What Might Happen to America's Shorelines if Artificial Beach Replenishment is Curtailed: A Prognosis for Southeastern Florida and Other Sandy Regions Along Regressive Coasts

Charles W. Finkl

Abstract


Beach replenishment in Florida consumes about one-third of what the federal government spends nationally on battling coastal erosion. Recent proposals from Washington are to cut the federal share of hurricane and storm surge protection, inlet maintenance, sand bypassing, beach restoration, and periodic renourishment projects in Florida. Although Florida has more beach erosion control projects than all the other states combined, erosion is still a problem for some 700 km of shore and has reached "critical" levels along 370 km of Florida beach front where development or recreation are threatened. Of 215 km of erosion that have been studied, 140 km have been restored; the remainder has been abandoned because erosion rates are too high. If the average federal 50% cost-share for coastal protection is eliminated, local governments will have to support future projects at a minimal rate of $20-40 million per year. The annual cost of shore protection is modest compared to income generated by beach-related activities in Florida which overall bring in about $1.5 billion in annual sales. Alternative proposals to forego beach renourishment altogether, because it is "too expensive," suggest that new lines will be drawn in the sand for construction control and erosion setbacks.

Due to relative sea-level rise (which includes land subsidence), natural background shoreline recession rates for the Florida Atlantic coast now average between 0.3-0.4 m a-1. Accelerated rates of coastal erosion are associated with beaches backed by seawalls and coastal segments lying downdrift from stabilized inlets. Because jetties are littoral drift blockers, they are responsible for about 85% of Florida's beach erosion problem. Erosion fronts, which migrate downbeach from jetties at a rate of about 1 km a-1, can quickly impact long coastal segments in a few years. Just south of the Port Everglades inlet, for example from DEP monuments R86-R91, beach fill placed in 1989 eroded 60 m in 6 years for an annual shoreline recession rate of 10 m a-1, or a volume loss of 10 m3 m-1 a-1. Additional erosion hot spots occur downcoast from other trained (jettied) inlets and elsewhere along the coast. With the present total annual net loss at 3-5% by volume of beach sand in Broward County, about two-thirds to one-half of the Atlantic dry beach width will remain within s decade, by around 2007. This new line in the sand will reflect loss of both artificially replenished beaches and natural beaches alike. Without replenishment, the volume of eroded beach sand in Broward County alone will probably amount to something on the order of 5.2 x 106 to 8.6 x 106m3. This magnitude of unrecovered decadel sand volume 1088 translates into future problems of greater magnitude than exist today. Salient among them is the prospect that fewer tourists will visit narrower, eroded beaches and the Florida economy will realize significantly leas income from a major but declining economic resource. A management policy of 'no new beach replenishment activities' will in the first decade: (1) cause accelerated loss of beaches, (2) place a larger proportion of the coastal population at risk from flooding, (3) increase vulnerability of coastal infrastructure to floods and inundation, (4) decrease revenue from tourism, and (5) result in higher costs for future shore protection. The proposed federal policy would be environmentally shortsighted, fiscally irresponsible, and negligent of proper methods of beach management. It is perhaps ironic to note that America has no national shore protection policy, that sand has become a restorrative resource of choice (opposed to hard, structural stabilization methods), and at a time when sand resources on the outer continental shelf may become available for beach renourishment, the Clinton Administration is proposing to put the brakes on soft shoreline stabilization.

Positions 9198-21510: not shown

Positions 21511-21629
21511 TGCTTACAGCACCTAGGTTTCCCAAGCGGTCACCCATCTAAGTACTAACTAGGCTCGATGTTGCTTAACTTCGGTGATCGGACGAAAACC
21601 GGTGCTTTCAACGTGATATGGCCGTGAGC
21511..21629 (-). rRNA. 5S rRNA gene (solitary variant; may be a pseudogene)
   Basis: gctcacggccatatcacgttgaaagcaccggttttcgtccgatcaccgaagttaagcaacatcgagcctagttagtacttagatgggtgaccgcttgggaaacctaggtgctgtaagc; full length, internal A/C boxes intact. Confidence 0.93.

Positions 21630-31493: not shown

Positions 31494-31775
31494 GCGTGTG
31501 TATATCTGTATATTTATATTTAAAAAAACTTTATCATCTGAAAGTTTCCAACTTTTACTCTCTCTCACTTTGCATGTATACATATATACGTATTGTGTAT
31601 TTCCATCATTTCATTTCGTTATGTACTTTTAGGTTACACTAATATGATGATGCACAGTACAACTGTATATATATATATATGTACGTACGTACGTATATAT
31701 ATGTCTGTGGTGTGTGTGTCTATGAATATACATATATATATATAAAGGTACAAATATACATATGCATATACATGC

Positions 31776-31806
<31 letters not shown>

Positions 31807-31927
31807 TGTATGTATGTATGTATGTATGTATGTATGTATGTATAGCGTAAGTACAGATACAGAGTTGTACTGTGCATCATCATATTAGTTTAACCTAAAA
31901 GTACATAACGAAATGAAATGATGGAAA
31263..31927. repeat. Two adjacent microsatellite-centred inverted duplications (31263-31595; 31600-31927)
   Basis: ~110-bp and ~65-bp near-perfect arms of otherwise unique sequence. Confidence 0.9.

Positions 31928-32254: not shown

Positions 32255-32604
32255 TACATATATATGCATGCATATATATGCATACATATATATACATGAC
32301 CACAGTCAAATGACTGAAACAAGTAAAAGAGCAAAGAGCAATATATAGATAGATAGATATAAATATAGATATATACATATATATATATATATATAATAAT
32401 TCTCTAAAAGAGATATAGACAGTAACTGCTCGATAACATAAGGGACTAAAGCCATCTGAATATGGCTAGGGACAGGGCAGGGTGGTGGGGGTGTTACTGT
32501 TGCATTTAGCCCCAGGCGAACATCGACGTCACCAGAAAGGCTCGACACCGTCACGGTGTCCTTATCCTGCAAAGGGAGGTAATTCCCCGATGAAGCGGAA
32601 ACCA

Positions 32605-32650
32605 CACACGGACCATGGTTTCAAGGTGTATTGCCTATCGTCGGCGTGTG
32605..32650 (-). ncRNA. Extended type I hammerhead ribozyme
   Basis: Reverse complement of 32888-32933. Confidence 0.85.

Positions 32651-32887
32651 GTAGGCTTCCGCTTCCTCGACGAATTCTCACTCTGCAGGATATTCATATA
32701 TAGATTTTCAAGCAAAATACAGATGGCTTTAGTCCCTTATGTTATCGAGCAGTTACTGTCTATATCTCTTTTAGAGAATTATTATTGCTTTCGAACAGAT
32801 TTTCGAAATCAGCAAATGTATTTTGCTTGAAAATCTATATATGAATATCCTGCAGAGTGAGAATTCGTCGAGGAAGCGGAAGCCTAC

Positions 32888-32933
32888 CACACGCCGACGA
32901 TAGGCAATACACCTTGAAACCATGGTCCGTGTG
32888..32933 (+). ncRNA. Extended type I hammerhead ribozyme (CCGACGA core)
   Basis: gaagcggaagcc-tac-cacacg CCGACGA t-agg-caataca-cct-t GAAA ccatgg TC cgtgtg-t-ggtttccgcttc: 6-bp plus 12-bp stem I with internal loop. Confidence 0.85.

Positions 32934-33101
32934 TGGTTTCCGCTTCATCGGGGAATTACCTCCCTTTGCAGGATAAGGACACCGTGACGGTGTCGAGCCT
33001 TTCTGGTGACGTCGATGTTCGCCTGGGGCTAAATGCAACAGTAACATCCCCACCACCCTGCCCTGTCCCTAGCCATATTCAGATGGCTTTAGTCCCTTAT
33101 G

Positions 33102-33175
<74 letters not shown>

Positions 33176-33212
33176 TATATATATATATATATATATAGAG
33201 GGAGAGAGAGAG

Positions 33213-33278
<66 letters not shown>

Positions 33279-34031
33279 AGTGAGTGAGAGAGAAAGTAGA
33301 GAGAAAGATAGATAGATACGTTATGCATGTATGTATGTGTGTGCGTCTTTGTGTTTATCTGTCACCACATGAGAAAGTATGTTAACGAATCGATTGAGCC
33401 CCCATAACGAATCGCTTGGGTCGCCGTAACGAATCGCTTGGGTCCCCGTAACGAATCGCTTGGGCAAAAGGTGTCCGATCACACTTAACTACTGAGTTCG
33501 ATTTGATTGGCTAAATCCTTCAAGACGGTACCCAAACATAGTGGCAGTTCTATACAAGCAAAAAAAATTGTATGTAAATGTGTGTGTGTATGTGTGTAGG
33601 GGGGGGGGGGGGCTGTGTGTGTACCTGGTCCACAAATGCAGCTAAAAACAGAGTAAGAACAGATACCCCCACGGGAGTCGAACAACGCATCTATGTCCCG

Keywords


Shore erosion; beach renourishment; coastal management; storm protection

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